Data storage is a big deal. Data companies are in the news a lot lately, especially as companies attempt to maximize value from big data’s potential. For the lay person, data storage is usually handled in a traditional database. But for big data, companies use data warehouses and data lakes.
Data lakes are often compared to data warehouses—but they shouldn’t be. Data lakes and data warehouses are very different, from the structure and processing all the way to who uses them and why. In this article, we’ll:
- Define databases, warehouses, and lakes
- Summarize the big differences
- Caution the use of data lakes
- Explore the future of data storage
- And more
Defining database, warehouse, and lake
Let’s start with the concepts, and we’ll use an expert analogy to draw out the differences.
What’s a database?
A database is a storage location that houses structured data. We usually think of a database on a computer—holding data, easily accessible in a number of ways. Arguably, you could consider your smartphone a database on its own, thanks to all the data it stores about you.
For all organizations, the use cases for databases include:
- Creating reports for financial and other data
- Analyzing relatively small datasets
- Automating business processes
- Auditing data entry
Popular databases are:
- Apache Cassandra
(Learn more about the key difference in databases: SQL vs NoSQL.)
What’s a data warehouse?
The next step up from a database is a data warehouse. Data warehouses are large storage locations for data that you accumulate from a wide range of sources. For decades, the foundation for business intelligence and data discovery/storage rested on data warehouses. Their specific, static structures dictate what data analysis you could perform.
Data warehouses are popular with mid- and large-size businesses as a way of sharing data and content across the team- or department-siloed databases. Data warehouses help organizations become more efficient. Organizations that use data warehouses often do so to guide management decisions—all those “data-driven” decisions you always hear about.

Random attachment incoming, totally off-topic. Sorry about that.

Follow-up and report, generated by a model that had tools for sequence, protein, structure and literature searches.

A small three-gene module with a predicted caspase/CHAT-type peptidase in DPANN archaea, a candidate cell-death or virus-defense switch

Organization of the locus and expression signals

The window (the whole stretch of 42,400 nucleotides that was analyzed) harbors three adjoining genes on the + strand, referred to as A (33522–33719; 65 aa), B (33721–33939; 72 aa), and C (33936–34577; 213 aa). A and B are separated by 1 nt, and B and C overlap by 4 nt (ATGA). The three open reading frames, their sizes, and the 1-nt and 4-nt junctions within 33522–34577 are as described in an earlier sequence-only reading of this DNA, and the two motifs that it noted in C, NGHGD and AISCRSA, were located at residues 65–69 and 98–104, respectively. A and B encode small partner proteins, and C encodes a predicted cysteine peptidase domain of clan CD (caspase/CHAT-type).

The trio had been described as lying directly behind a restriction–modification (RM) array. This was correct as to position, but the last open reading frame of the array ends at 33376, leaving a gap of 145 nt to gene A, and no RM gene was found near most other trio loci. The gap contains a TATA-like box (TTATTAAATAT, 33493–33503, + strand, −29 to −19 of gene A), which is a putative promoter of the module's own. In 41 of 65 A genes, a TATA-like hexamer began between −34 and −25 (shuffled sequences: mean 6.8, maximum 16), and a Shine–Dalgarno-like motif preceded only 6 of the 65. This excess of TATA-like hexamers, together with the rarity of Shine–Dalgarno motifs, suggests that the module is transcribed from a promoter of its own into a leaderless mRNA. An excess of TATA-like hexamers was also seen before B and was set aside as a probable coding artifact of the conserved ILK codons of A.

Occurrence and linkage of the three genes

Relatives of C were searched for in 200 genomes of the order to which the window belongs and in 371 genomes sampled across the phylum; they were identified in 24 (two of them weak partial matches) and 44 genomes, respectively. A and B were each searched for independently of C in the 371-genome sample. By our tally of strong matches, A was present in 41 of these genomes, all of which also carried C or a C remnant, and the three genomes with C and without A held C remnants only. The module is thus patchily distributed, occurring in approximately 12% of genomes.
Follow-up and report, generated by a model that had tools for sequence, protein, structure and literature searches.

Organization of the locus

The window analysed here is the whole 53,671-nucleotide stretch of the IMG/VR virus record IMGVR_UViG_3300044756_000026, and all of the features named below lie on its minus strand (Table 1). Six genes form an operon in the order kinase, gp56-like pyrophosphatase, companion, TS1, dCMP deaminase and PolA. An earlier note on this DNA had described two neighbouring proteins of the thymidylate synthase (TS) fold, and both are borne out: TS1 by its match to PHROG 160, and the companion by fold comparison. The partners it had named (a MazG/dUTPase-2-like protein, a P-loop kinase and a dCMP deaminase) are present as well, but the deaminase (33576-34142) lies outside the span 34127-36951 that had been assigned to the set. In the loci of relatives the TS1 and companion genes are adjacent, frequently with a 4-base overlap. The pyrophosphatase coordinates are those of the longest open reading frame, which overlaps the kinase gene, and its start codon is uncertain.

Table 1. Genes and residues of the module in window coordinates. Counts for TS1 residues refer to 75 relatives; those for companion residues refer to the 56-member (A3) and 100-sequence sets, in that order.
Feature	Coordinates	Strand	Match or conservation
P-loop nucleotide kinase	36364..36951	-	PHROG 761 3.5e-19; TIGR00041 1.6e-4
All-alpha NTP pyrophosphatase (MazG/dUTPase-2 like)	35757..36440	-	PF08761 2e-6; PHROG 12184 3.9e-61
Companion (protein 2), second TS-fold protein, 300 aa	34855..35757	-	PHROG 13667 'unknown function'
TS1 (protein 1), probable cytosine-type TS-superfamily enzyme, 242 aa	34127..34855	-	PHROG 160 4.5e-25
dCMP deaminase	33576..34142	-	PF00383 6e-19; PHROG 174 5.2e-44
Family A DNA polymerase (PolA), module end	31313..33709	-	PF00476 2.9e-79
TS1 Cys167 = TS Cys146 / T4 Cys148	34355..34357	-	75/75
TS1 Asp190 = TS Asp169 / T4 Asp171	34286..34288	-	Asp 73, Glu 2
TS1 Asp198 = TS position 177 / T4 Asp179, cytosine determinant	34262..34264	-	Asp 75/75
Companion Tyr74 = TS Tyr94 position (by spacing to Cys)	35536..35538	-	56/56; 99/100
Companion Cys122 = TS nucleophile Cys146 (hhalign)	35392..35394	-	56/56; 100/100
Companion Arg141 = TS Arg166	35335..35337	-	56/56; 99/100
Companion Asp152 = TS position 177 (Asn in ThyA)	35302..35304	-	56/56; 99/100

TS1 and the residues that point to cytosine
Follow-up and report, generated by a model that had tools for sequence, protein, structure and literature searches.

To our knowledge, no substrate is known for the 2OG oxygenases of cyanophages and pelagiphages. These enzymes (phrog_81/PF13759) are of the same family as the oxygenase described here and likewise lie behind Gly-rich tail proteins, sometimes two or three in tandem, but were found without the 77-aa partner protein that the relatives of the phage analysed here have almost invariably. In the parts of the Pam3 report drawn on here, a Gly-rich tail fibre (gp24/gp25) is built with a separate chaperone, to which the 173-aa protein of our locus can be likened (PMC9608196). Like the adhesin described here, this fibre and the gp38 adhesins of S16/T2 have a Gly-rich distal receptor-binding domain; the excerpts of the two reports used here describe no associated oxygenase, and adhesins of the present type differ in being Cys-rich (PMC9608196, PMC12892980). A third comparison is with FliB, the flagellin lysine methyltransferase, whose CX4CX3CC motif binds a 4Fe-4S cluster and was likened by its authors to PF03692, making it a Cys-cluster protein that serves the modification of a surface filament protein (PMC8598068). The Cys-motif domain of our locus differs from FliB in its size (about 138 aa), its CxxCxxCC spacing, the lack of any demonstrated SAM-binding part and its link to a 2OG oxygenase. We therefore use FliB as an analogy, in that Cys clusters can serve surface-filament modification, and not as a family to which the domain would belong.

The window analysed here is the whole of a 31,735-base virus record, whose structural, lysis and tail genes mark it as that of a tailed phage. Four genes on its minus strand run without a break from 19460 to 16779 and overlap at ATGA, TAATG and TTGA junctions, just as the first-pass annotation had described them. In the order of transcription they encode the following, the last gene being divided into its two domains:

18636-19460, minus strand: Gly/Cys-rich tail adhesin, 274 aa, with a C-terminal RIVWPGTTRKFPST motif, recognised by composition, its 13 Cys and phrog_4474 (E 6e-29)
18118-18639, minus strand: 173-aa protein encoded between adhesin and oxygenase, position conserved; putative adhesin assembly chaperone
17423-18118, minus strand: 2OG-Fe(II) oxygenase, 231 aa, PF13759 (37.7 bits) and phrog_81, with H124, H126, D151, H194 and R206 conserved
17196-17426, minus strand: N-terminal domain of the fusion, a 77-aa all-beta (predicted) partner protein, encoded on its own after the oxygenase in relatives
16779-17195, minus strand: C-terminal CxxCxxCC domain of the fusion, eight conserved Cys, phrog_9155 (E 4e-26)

Popular companies that offer data warehouses include:
What’s a data lake?
A data lake is a large storage repository that holds a huge amount of raw data in its original format until you need it. Data lakes exploit the biggest limitation of data warehouses: their ability to be more flexible.
As we’ll see below, the use cases for data lakes are generally limited to data science research and testing—so the primary users of data lakes are data scientists and engineers. For a company that actually builds data warehouses, for instance, the data lake is a place to dump and temporarily store all the data until the data warehouse is up and running. Small and medium sized organizations likely have little to no reason to use a data lake.
Popular data lake companies are:
- Amazon S3
Illustrating the differences
Lee Easton, president of data-as-a-service provider AeroVision.io, recommends a tool analogy for understanding the differences. In this, your data are the tools you can use.
Imagine a tool shed in your backyard. You store some tools—data—in a toolbox or on (fairly) organized shelves. This specific, accessible, organized tool storage is your database. The tool shed, where all this is stored, is your data warehouse. You might have lots (and lots!) of toolboxes in the shop. Some toolboxes might be yours, but you could store toolboxes of your friends or neighbors, as long as your shed is big enough. Though you’re storing their tools, your neighbors still keep them organized in their own toolboxes.
But what if your friends aren’t using toolboxes to store all their tools? They’ve just dumped them in there, unorganized, unclear even what some tools are for—this is your data lake.
In a data lake, the data is raw and unorganized, likely unstructured. Any raw data from the data lake that hasn’t been organized into shelves (databases) or an organized system (data warehouses) is barely even a tool—in raw form, that data isn’t useful.
Comparing data storage
Now that we’ve got the concepts down, let’s look at the differences across databases, warehouses, and data lakes in six key areas.
Database and data warehouses can only store data that has been structured. A data lake, on the other hand, does not respect data like a data warehouse and a database. It stores all types of data: structured, semi-structured, or unstructured.
All three data storage locations can handle hot and cold data, but cold data is usually best suited in data lakes, where the latency isn’t an issue. (More on latency below.)